Swe­den drops As­sange in­ves­ti­ga­tion


Bri­tish police say Wik­iLeaks founder still faces ar­rest if he leaves the Ecuadorean em­bassy he has lived in since 2012

Swedish pros­e­cu­tors dropped an in­ves­ti­ga­tion of Wik­iLeaks founder Ju­lian As­sange on Fri­day, but Bri­tish police said he would still be ar­rested if he left the Ecuadorean em­bassy in Lon­don where he has been holed up for five years.

Mr. As­sange, 45, took refuge in the em­bassy in June, 2012, to avoid ex­tra­di­tion to Swe­den af­ter two women made rape and sex­ual mo­lesta­tion al­le­ga­tions against him, which he de­nies.

He feared Swe­den would hand him over to the United States to face pros­e­cu­tion over the Wik­iLeaks pub­li­ca­tion of clas­si­fied mil­i­tary and diplo­matic doc­u­ments in one of the largest in­for­ma­tion leaks in U.S. his­tory.

Ap­pear­ing on the bal­cony of the em­bassy af­ter the Swedish an­nounce­ment, Mr. As­sange said he was ready to talk to Bri­tain “about what is the best way for­ward” and with the U.S. Depart­ment of Jus­tice, but also de­fended his right to stay put.

“The road is far from over. The war, the proper war is just com­menc­ing,” he told sup­port­ers and media af­ter rais­ing a clenched fist in a ges­ture of vic­tory.

Police in Lon­don said they were still obliged to ar­rest Mr. As­sange if he left the em­bassy for skip­ping bail. They said this was a much less se­ri­ous of­fence than rape, but he could still face up to a year in jail if con­victed.

Mr. As­sange is a cy­ber­hero to some for ex­pos­ing gov­ern­ment abuses of power and cham­pi­oning free speech, but to oth­ers he is a crim­i­nal who has un­der­mined the se­cu­rity of the West.

The for­mer com­puter hacker en­raged Wash­ing­ton by pub­lish­ing hun­dreds of thou­sands of se­cret U.S. diplo­matic ca­bles that laid bare of­ten highly crit­i­cal U.S. ap­praisals of world lead­ers from Rus­sian Pres­i­dent Vladimir Putin to the Saudi royal fam­ily.

Ear­lier on Fri­day, Swedish chief pros­e­cu­tor Mar­i­anne Ny said the rape in­ves­ti­ga­tion could not pro­ceed be­cause of le­gal ob­sta­cles.

“We are not mak­ing a state­ment about his guilt,” Ms. Ny said, adding that the in­ves­tiga- tion could be re­opened if Mr. As­sange came to Swe­den be­fore the statute of lim­i­ta­tions dead­line for the rape al­le­ga­tion in 2020.

Mr. As­sange al­ways de­nied the rape al­le­ga­tions and said they were a ploy to get him whisked off to the United States.

In Jan­uary, Mr. As­sange said he stood by an of­fer to go to the United States pro­vid­ing his rights were up­held and if for­mer mil­i­tary in­tel­li­gence an­a­lyst Chelsea Man­ning, who was re­spon­si­ble for a 2010 leak of clas­si­fied ma­te­ri­als to Mr. As­sange’s an­ti­se­crecy group, was freed.

Ms. Man­ning was re­leased on Wed­nes­day af­ter spend­ing seven years in a U.S. mil­i­tary prison for pass­ing the doc­u­ments to Wik­iLeaks.

Bri­tish Prime Min­is­ter Theresa May said on Fri­day it would be “an op­er­a­tional mat­ter for the police” to de­cide whether to ar­rest Mr. As­sange if he left the em­bassy. Asked if she would sup­port Bri­tain ex­tra­dit­ing Mr. As­sange to the United States, she said: “We look at ex­tra­di­tion re­quests when we re­ceive them on a case-by-case ba­sis.”

While Mr. As­sange may still not be able to leave the em­bassy in the up­mar­ket Knights­bridge area of Lon­don, the pros­e­cu­tor’s de­ci­sion to stop the in­ves­ti­ga­tion into al­le­ga­tions of rape brings to an end a seven-year stand-off with Swe­den.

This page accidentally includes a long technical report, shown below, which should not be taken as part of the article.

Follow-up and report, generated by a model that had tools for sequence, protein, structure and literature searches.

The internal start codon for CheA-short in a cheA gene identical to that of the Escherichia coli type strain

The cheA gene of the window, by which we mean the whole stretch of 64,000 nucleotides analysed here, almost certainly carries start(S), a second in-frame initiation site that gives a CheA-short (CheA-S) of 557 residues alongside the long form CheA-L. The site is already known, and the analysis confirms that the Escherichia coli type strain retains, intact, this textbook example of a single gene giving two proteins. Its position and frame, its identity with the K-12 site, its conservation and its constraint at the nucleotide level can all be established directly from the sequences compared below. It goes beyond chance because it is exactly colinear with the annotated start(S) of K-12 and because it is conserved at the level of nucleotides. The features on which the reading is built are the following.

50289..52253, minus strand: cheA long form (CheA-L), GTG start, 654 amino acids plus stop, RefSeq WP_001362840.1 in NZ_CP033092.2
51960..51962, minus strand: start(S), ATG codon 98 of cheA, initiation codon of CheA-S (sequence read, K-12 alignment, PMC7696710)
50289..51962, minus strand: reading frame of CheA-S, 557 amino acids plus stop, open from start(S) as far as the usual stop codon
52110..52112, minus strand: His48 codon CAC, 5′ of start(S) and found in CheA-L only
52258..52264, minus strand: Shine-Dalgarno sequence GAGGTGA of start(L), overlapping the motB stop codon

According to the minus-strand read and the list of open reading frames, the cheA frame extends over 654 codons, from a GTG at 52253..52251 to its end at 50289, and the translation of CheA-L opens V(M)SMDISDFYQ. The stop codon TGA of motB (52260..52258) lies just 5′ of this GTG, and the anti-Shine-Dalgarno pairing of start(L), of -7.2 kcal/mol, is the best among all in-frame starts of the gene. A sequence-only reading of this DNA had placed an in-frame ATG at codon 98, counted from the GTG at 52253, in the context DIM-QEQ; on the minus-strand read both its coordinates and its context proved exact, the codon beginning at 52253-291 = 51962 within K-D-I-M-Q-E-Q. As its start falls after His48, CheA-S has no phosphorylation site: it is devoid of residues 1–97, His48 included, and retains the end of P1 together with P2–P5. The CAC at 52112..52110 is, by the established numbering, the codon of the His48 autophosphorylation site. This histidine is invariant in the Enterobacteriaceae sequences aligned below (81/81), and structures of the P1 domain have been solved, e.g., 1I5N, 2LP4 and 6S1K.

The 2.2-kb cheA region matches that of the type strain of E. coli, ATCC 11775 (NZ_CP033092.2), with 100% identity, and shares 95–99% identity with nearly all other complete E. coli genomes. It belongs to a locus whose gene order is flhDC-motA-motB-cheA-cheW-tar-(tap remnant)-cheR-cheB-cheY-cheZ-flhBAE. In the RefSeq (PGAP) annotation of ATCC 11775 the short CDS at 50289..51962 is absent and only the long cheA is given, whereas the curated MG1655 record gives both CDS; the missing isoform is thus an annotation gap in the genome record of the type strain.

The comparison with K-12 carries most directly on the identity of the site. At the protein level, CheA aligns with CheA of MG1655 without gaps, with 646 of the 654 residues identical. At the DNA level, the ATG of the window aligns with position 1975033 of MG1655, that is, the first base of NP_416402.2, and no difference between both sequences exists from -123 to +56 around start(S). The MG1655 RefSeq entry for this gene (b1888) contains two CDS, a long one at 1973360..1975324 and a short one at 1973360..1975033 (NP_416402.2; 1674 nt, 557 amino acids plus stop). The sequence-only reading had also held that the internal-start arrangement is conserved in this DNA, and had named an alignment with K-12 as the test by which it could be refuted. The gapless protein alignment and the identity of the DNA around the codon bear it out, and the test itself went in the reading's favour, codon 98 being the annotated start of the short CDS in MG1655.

The Ecuadorean gov­ern­ment wel­comed the de­ci­sion and in a state­ment called on Bri­tain to grant As­sange safe pas­sage to Ecuador. For­eign Min­is­ter Guil­laume Long said Mr. As­sange was wel­come to stay in the em­bassy if this was not granted.

“As long as we fear that this is a case of po­lit­i­cal per­se­cu­tion … as long as we fear for Mr. As­sange’s in­tegrity and hu­man rights, we will con­tinue with our pol­icy of of­fer­ing him asylum,” Mr. Long said in a tele­phone in­ter­view.

He said that re­cent state­ments by U.S. Pres­i­dent Don­ald Trump and At­tor­ney-Gen­eral Jeff Ses­sions in­di­cat­ing that U.S. au­thor­i­ties would seek to ar­rest Mr. As­sange were a sign that he still faces per­se­cu­tion out­side Bri­tain.

Last month CIA di­rec­tor Mike Pom­peo called Wik­iLeaks a “hos­tile in­tel­li­gence ser­vice”, and Mr. Ses­sions, re­spond­ing to a ques­tion about Mr. As­sange, said the Trump ad­min­is­tra­tion was step­ping up its ef­forts against all leaks of sen­si­tive in­for­ma­tion.

“When­ever a case can be made, we will seek to put some peo­ple in jail,” Mr. Ses­sions said.

Dur­ing last year’s U.S. pres­i­den­tial elec­tion cam­paign, Wik­iLeaks pub­lished e-mails from Hil­lary Clin­ton’s staff and the Demo­cratic Na­tional Com­mit­tee, that some be­lieve helped to lose her the elec­tion to Mr. Trump. U.S. in­tel­li­gence agen­cies have con­cluded the Rus­sian gov­ern­ment hacked the e-mails as part of an ef­fort by Moscow to tilt the elec­tion in Mr. Trump’s favour.

The As­sange case has raised ques­tions about the Swedish jus­tice sys­tem, with a United Na­tions panel say­ing Mr. As­sange had been sub­ject to “ar­bi­trary de­ten­tion”.

Pros­e­cu­tors have been ac­cused of vac­il­lat­ing, first drop­ping the pre­lim­i­nary in­ves­ti­ga­tion and then reopen­ing it and of drag­ging their heels over ques­tion­ing Mr. As­sange.

Pros­e­cu­tors first in­ter­viewed Mr. As­sange in Novem­ber last year in the Ecuadorean em­bassy. They were not al­lowed to ques­tion him di­rectly, only through an Ecuadorean pros­e­cu­tor.

Mr. As­sange’s lawyer, Per Sa­muel­son, hailed Swe­den’s de­ci­sion to drop the in­ves­ti­ga­tion as “a to­tal vic­tory for us.”


Ju­lian As­sange raises his fist as he speaks to the media from the bal­cony of the Em­bassy of Ecuador on Fri­day in Lon­don.

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